The Boy Scouts Of America Runs Out Of Pedophile Funds, Declares Bankruptcy
The Boy Scouts of America is all about learning how to survive. And over the past century, it sure has created a lot of survivors, with 7,819 documented cases of suspected abusers and 12,254 of underaged victims, and those numbers are still rising. So now, with the help of the government, the organization is finally taking drastic steps to safeguard what is most important to them, making sure Adult Boys Scouts won't be getting their hands on their sweet, innocent funds.
Thanks to direly needed adjustments to local state laws regarding sexual assault, the Boy Scouts of America, where you earn your Eagle Scout badge by pretending not to see the rampant child molestation, is being overwhelmed by hundreds of new lawsuits from abused former Boy Scouts. But afraid they'll run out of money long before they'll run out of victims, the Boy Scouts have officially filed for bankruptcy, as it will allow them to make payouts through a trust instead of loud, public lawsuits.
While the Boy Scouts has done much good for its 130 million members over its lifetime, it's hard to feel bad for an organization that has knowingly covered up for its abusers since day one. As early as the 1920s, the Boy Scouts have been keeping lists of known "degenerates" who they were letting take kids into the woods. These "Perversion Files" were supposed to keep tabs on molesters and make sure they never Scouted again, but were never voluntarily shared with law enforcement or parents, only made public in 2012 when an Oregon court ordered the Boy Scouts to do so -- after also ordering them to pay out $18,5 million in punitive damages.
Instead, the Perversion Files were only seen by Scout members who had earned their sexual predator coverup badge, the kind of people who wrote back to concerned local chapter heads: "I agree that sleeping in the nude and showing boys pornographic books indicated very poor judgment with dealing with Cub Scouts. I do not know, however, that this is a serious enough offense to refuse registration." Or as another top BS executive, when asked under oath if he was aware of the "problem of scouts being molested by adult leaders," put it: "Not quite sure it's a problem." As a result, rampant abuse with little oversight continued throughout the Boy Scouts' existence, leading to the sorry state of affairs today where thousands of men can't tie an Alpine Butterfly knot without their hands trembling or hear the unzipping of a tent flap without PTSD flashbacks.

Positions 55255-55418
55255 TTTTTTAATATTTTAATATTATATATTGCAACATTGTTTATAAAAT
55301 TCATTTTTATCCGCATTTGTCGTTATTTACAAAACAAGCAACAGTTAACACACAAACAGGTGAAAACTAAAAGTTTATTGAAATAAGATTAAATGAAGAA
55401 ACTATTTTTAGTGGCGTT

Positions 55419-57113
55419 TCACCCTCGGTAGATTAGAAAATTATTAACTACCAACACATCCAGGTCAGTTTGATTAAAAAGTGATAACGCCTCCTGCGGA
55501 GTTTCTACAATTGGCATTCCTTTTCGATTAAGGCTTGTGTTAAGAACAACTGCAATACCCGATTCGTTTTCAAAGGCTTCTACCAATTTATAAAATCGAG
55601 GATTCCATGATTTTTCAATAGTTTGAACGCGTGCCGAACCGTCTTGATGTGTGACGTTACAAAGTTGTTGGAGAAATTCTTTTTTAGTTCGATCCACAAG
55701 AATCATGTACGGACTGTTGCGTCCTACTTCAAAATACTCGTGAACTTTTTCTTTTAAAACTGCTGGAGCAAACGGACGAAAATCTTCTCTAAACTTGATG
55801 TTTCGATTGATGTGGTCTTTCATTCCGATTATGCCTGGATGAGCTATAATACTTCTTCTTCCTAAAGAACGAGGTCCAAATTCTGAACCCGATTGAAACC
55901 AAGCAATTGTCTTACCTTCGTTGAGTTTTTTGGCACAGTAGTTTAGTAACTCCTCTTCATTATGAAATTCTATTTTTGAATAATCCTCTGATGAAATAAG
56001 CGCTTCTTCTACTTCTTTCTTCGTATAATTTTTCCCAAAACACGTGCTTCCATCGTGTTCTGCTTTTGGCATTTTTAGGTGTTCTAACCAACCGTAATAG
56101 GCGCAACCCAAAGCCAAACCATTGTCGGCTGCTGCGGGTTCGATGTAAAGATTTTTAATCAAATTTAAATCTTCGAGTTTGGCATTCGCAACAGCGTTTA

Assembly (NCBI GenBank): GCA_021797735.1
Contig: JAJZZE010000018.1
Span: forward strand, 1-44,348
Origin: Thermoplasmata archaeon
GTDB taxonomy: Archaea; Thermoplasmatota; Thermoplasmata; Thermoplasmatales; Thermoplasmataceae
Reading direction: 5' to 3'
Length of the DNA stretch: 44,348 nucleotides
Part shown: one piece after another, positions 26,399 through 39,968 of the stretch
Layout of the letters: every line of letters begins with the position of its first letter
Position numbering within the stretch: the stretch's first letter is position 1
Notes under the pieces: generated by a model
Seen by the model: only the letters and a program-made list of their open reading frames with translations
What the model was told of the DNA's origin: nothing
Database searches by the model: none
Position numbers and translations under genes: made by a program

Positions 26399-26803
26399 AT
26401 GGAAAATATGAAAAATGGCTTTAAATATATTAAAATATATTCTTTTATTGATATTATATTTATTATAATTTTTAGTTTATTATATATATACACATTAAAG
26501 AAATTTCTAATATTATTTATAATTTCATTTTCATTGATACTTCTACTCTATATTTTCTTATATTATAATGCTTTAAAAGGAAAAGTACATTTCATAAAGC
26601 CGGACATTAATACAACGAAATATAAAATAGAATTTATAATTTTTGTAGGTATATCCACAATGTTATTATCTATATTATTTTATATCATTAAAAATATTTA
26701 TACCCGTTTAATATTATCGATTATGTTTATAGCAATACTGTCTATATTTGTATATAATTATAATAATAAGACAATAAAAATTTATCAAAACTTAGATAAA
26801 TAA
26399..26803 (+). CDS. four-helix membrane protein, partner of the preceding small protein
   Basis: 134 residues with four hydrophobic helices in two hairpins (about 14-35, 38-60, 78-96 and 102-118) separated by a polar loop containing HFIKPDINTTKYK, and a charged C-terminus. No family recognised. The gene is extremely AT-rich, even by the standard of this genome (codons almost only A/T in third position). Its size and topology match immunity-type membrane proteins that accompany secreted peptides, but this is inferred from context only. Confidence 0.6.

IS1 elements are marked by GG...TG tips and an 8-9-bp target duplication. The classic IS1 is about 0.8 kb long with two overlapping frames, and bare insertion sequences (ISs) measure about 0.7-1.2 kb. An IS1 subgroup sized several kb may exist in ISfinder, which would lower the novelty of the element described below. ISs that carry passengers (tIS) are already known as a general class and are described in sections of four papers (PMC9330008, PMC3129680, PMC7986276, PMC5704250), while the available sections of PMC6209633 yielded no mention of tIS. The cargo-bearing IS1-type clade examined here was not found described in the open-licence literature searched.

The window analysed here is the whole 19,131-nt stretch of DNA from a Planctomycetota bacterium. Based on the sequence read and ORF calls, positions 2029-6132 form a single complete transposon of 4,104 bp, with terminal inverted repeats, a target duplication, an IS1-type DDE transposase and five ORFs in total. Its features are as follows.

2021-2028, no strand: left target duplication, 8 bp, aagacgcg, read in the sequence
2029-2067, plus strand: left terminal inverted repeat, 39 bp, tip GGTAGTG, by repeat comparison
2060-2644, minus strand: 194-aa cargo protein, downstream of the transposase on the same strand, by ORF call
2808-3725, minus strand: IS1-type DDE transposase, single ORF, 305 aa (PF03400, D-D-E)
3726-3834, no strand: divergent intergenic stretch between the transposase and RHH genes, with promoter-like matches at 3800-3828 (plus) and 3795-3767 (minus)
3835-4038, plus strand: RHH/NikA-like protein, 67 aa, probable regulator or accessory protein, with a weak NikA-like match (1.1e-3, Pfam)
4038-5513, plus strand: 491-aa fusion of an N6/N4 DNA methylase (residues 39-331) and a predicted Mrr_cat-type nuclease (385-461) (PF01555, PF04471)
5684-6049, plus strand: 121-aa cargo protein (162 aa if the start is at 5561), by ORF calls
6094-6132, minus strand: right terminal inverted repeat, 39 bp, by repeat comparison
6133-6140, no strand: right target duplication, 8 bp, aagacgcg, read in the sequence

Yet for an organization that claims they're now clear of pedophilic practices, the practice of filing bankruptcy is exactly the same strategy the Catholic dioceses used when they were forced to pay out hundreds of millions in damages for making altar boy trauma a popular specialty for therapists. Like the Church, by filing Chapter 11 on a national, the BSA can now also protect its local branches from being sued out of their $3.3 billion worth of assets. That way, Boy Scouts of America claims, at least "Scouting programs will continue throughout this process and for many years to come." So if there's a silver lining there, it's for parents who don't send their kids to Boy Scouts, since at least they won't have to worry about their local child molester suddenly having his weekends off.
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